State Losing Ground in War on Dirty Air


California's war on air pollution is beginning to falter as smog-control efforts increasingly fall behind the state's never-ending growth.

From the Sierra Nevada to Ventura beaches, San Francisco Bay to the Salton Sea, some of the nation's most polluted regions are slipping in their commitment to clean air, according to air quality officials from around the state. The cost of delayed cleanup is prolonged damage to human lungs, spoiled forests and crops, and the pervasive pall of dirty air.

In the San Joaquin Valley, so little progress has been made recently that the U.S. Environmental Protection Agency is poised to declare the 25,000-square-mile area a "severe" smog zone, a status shared by only 10 other U.S. regions.

Cities such as Bakersfield and Fresno are beginning to challenge the Los Angeles region--where air quality has shown steady improvement--and Houston for the nation's air pollution crown. Sequoia National Park, which is immediately downwind of the valley, has the worst smog of any national park; more days of unhealthy ozone were recorded there last year than in Los Angeles and New York City combined. The valley has the most lackluster record against air pollution of any California region.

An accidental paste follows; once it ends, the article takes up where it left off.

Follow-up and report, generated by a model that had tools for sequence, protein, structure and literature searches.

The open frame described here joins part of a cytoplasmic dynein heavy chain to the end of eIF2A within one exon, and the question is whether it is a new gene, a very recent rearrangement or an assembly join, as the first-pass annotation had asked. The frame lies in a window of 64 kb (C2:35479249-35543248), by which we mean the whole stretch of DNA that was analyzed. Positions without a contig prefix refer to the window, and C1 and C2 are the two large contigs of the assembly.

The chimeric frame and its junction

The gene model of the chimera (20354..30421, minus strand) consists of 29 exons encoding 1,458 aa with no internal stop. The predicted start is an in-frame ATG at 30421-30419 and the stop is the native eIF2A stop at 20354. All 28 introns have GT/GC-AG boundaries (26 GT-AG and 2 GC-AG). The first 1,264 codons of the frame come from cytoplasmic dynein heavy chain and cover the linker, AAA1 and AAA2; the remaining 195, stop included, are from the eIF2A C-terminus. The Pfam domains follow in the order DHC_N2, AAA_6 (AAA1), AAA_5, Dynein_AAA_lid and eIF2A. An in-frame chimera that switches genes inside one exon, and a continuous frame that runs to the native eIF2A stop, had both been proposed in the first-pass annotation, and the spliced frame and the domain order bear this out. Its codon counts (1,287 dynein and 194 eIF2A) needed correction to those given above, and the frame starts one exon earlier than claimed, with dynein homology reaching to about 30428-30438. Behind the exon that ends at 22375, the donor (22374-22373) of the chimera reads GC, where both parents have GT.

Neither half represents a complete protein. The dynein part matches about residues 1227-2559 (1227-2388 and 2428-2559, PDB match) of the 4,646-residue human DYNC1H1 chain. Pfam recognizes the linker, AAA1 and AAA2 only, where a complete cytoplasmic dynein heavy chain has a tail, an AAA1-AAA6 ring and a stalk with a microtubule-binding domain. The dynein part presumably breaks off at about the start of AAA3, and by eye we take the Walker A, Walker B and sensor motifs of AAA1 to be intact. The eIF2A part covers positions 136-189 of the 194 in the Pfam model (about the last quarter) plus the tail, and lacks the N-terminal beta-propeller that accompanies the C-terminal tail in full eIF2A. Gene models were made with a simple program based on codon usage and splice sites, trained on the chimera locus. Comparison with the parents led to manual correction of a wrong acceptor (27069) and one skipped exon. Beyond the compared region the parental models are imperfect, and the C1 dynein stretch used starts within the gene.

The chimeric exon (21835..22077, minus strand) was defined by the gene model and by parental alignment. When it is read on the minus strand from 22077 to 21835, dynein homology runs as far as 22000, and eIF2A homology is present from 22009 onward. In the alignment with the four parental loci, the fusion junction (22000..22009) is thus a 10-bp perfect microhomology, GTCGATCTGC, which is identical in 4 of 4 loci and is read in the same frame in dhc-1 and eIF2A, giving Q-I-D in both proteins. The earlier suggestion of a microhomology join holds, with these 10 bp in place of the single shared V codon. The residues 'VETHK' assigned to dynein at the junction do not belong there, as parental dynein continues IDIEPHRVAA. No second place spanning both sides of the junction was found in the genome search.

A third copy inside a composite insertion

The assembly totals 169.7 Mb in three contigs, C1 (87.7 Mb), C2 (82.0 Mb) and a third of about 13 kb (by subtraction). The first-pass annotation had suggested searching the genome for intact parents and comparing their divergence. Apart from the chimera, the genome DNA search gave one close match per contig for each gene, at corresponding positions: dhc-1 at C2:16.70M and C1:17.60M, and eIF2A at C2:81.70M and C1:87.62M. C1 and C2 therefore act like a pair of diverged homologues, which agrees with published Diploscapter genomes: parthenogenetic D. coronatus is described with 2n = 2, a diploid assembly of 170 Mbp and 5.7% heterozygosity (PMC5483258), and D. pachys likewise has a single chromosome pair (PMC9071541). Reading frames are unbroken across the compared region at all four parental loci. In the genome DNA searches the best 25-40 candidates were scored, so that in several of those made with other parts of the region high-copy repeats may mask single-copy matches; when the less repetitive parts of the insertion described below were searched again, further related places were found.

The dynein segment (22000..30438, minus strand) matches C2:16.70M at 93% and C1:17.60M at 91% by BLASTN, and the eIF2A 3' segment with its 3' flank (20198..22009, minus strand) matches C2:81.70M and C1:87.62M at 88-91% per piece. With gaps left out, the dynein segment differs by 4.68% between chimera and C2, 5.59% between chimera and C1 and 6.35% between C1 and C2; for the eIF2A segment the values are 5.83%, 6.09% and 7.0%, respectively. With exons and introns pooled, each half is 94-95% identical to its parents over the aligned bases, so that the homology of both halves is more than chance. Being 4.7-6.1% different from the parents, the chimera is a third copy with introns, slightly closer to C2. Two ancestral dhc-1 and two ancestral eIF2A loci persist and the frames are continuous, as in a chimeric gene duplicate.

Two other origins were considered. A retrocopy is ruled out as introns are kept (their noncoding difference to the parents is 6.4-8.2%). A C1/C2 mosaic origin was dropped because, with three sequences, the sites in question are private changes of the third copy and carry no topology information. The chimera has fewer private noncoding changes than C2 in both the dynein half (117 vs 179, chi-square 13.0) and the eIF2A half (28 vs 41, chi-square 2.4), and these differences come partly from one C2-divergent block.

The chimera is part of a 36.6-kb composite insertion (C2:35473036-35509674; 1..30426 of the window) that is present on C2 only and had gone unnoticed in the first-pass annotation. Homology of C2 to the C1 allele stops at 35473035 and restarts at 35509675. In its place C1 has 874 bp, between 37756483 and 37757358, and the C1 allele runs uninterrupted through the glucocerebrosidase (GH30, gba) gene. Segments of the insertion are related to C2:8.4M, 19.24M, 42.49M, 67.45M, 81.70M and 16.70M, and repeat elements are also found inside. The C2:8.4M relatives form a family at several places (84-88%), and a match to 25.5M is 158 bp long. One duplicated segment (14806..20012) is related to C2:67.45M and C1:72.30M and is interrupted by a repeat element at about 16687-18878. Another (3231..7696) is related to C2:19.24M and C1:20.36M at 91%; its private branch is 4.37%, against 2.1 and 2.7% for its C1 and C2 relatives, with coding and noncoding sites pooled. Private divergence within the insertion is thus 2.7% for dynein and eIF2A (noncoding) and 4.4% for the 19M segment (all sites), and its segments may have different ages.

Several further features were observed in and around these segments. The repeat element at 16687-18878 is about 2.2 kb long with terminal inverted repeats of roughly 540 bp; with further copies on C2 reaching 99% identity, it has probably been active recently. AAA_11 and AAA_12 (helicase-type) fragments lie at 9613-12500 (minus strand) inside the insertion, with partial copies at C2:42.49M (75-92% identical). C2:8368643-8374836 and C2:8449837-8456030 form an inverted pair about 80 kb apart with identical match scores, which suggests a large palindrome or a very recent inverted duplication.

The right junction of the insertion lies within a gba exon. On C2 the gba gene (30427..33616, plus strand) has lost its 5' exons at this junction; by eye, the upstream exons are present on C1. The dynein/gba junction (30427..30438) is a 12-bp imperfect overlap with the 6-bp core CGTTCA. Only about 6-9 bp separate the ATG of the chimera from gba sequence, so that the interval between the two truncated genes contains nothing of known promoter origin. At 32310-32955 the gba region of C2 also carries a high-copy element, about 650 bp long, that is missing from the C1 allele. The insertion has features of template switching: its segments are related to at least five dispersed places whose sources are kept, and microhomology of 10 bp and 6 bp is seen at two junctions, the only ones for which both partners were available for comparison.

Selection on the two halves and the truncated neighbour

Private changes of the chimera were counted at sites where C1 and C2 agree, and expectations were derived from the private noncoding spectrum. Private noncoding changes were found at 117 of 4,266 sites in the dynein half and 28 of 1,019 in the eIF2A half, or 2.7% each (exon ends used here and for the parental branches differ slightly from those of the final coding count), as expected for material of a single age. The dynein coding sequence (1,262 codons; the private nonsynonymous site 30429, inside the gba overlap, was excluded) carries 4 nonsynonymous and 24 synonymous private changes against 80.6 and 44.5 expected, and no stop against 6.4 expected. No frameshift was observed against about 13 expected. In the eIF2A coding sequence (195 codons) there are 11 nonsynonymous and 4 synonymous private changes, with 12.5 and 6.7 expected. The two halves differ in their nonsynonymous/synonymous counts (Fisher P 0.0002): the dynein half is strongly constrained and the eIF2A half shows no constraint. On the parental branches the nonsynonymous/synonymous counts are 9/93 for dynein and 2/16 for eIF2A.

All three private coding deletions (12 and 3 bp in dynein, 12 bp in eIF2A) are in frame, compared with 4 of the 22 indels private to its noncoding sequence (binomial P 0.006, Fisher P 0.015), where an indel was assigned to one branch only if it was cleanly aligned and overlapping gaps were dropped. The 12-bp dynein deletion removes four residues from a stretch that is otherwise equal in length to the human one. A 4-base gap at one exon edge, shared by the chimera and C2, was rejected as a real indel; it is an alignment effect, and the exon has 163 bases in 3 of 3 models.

The San Joaquin Valley Air Quality Management District blames the Bay Area for much of its pollution, but the EPA says the smog increasingly is home-grown. Local air quality officials have blocked control measures adopted elsewhere, insisting that they meet a cost-effectiveness yardstick more restrictive than used in Los Angeles or San Francisco. The EPA directed the district last year to implement at least six rules regulating emissions from paints, solvents and oil tanks that had been set aside, but some have still not been approved.